SLU epidemiologist Zhengmin Qian says the research will track the pregnancies of 100,000 women in Wuhan, a city of nine million people in central China.

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Endangered Beetle Species
11:06 am
Fri July 22, 2011

Endangered beetle may return to Mo. prairie through work with St. Louis Zoo

A female American burying beetle.
(Dan Kirk)

Updated 11:52 a.m.

The endangered American burying beetle could be making its way to a southwestern Missouri prairie.

The U.S. Fish and Wildlife Service wants to work with the St. Louis Zoo to reintroduce the colorful beetle to Wah-Kon-Tah Prairie in St. Clair and Cedar counties.

The Zoo has a population of the beetles. Zoo officials say they have not been seen in Missouri in more than two decades.

(You might remember this earlier feature from our own Véronique LaCapra on the about some dedicated supporters in St. Louis joining a nationwide effort to save the insect).

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Health-Breast Cancer
4:44 pm
Thu July 14, 2011

New project aims to decrease breast cancer deaths in north St. Louis

A woman performs a breast self-examination (BSE) to check for tumors.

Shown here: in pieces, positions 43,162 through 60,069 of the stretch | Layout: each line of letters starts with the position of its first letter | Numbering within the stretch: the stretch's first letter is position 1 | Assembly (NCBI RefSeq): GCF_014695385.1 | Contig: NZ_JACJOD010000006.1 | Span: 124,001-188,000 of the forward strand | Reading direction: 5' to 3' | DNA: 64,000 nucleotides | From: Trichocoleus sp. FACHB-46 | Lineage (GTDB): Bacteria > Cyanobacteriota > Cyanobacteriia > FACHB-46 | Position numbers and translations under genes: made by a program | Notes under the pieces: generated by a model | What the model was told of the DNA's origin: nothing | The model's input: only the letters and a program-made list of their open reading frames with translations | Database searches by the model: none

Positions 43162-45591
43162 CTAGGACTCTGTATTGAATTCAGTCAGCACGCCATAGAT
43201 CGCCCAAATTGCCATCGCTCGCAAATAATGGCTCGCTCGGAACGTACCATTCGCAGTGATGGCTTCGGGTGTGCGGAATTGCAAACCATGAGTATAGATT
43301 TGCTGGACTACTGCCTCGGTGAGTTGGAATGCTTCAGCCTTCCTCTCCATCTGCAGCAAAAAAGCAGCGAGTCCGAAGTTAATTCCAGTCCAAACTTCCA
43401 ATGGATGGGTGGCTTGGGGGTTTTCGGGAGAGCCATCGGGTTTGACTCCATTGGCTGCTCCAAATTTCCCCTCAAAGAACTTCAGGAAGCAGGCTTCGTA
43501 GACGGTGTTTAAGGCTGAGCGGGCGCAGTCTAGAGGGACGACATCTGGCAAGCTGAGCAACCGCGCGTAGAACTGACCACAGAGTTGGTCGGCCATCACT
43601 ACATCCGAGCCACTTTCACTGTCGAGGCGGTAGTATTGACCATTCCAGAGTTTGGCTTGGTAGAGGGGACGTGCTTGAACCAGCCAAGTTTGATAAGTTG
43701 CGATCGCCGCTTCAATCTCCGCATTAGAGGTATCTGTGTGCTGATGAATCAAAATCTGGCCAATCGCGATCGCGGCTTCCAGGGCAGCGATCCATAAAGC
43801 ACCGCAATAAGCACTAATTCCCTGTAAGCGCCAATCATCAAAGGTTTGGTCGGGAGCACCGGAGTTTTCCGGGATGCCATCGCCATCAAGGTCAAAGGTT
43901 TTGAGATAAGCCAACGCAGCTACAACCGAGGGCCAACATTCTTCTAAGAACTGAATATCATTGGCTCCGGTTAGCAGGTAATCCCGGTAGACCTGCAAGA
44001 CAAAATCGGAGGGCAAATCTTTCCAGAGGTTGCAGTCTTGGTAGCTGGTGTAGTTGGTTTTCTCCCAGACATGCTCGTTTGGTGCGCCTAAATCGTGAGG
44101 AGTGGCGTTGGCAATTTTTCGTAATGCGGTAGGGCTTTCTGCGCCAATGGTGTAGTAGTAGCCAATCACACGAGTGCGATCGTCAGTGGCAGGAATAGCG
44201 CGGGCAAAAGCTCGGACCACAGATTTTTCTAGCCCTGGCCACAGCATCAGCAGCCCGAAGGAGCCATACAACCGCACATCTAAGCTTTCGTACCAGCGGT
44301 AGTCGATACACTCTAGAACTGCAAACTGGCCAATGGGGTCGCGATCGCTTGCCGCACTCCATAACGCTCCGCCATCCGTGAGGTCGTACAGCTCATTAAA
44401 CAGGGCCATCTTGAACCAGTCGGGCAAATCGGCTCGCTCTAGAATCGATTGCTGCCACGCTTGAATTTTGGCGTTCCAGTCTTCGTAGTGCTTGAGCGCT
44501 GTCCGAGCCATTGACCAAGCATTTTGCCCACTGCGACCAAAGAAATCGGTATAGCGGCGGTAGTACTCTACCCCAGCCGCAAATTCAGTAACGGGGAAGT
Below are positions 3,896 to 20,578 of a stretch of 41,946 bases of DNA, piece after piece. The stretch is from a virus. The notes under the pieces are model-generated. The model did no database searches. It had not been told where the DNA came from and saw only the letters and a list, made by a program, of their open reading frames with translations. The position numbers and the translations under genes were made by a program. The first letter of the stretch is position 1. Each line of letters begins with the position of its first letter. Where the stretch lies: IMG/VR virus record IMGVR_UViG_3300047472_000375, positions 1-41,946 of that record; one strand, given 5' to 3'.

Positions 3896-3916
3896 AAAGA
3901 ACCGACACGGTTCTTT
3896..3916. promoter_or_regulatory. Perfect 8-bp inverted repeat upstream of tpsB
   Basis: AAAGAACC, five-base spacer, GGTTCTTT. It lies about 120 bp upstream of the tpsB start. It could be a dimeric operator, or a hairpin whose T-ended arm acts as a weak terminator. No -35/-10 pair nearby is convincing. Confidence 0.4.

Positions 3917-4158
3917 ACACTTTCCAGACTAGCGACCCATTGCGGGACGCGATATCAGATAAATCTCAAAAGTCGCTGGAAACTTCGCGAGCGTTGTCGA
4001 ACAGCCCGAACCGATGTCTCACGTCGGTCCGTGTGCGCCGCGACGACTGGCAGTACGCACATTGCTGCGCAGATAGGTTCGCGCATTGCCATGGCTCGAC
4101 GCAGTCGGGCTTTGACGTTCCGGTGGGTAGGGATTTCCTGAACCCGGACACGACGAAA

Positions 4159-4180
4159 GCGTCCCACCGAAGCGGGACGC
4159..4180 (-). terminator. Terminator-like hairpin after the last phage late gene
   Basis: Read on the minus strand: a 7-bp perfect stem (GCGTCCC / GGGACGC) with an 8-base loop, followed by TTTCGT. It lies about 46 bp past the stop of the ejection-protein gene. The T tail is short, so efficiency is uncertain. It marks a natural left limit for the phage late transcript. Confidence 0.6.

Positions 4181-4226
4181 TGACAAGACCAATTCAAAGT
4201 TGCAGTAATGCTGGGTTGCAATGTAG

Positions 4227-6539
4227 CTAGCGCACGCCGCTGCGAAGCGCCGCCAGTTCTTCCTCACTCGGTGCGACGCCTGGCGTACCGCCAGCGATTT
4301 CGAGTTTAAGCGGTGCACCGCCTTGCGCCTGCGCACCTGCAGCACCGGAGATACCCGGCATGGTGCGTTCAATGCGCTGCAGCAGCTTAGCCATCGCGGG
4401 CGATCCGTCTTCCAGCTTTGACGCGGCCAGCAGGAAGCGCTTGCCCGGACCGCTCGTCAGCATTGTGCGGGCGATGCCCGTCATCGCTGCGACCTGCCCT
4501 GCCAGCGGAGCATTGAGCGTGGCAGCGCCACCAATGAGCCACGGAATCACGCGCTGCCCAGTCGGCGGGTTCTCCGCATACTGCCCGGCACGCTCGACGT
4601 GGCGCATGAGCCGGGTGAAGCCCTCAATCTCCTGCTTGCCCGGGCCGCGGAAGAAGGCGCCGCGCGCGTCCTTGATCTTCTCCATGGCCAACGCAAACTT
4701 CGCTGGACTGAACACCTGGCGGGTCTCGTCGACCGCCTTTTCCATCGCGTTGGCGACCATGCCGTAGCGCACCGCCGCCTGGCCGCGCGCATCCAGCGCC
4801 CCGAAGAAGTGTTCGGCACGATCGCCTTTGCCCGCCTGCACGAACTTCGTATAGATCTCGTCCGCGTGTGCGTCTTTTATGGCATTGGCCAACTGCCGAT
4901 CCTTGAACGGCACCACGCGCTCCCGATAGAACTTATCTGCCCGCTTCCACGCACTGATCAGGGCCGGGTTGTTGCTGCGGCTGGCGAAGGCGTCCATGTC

(National Cancer Institute/Bill Branson)

A new project in north St. Louis aims to lower breast cancer death rates for women of color.

Washington University sociologist Sarah Gehlert says even though nationwide white women are more likely to get breast cancer, black women are about 35 percent more likely to die of the disease.

She says in St. Louis that number is closer to 60 percent.

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Missouri River - flooding
5:00 am
Mon July 11, 2011

Senators seek to improve flood control on Missouri River

Water from the Missouri River overtops a levee in Atchison County, Mo., on June 19.
(flickr/U.S. Army Corps of Engineers photo by Carlos J. Lazo)

The Missouri River Working Group is holding its first meeting on Wednesday to come up with a policy on flood control.

Missouri Senators Roy Blunt and Claire McCaskill launched the group with senators from North Dakota to look for ways to improve flood control along the Missouri River and keep this year’s flooding from happening again.

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EPA / Air Pollution
4:51 pm
Thu July 7, 2011

EPA sets new air pollution limits for coal-fired power plants

A preview of the EPA's interactive map showing how air pollution moves between states. See a link to the full map in the story below.
(EPA.gov website)

The Environmental Protection Agency has announced new limits on air pollution from coal-fired power plants. The rule aims to lower emissions from power plants in 27 states including Missouri and Illinois.

The goal is to reduce soot (fine particulates) and smog (ground-level ozone) and improve air quality downwind. (Check out this map from the EPA, a preview of which is above, to see how the new limits affect your state).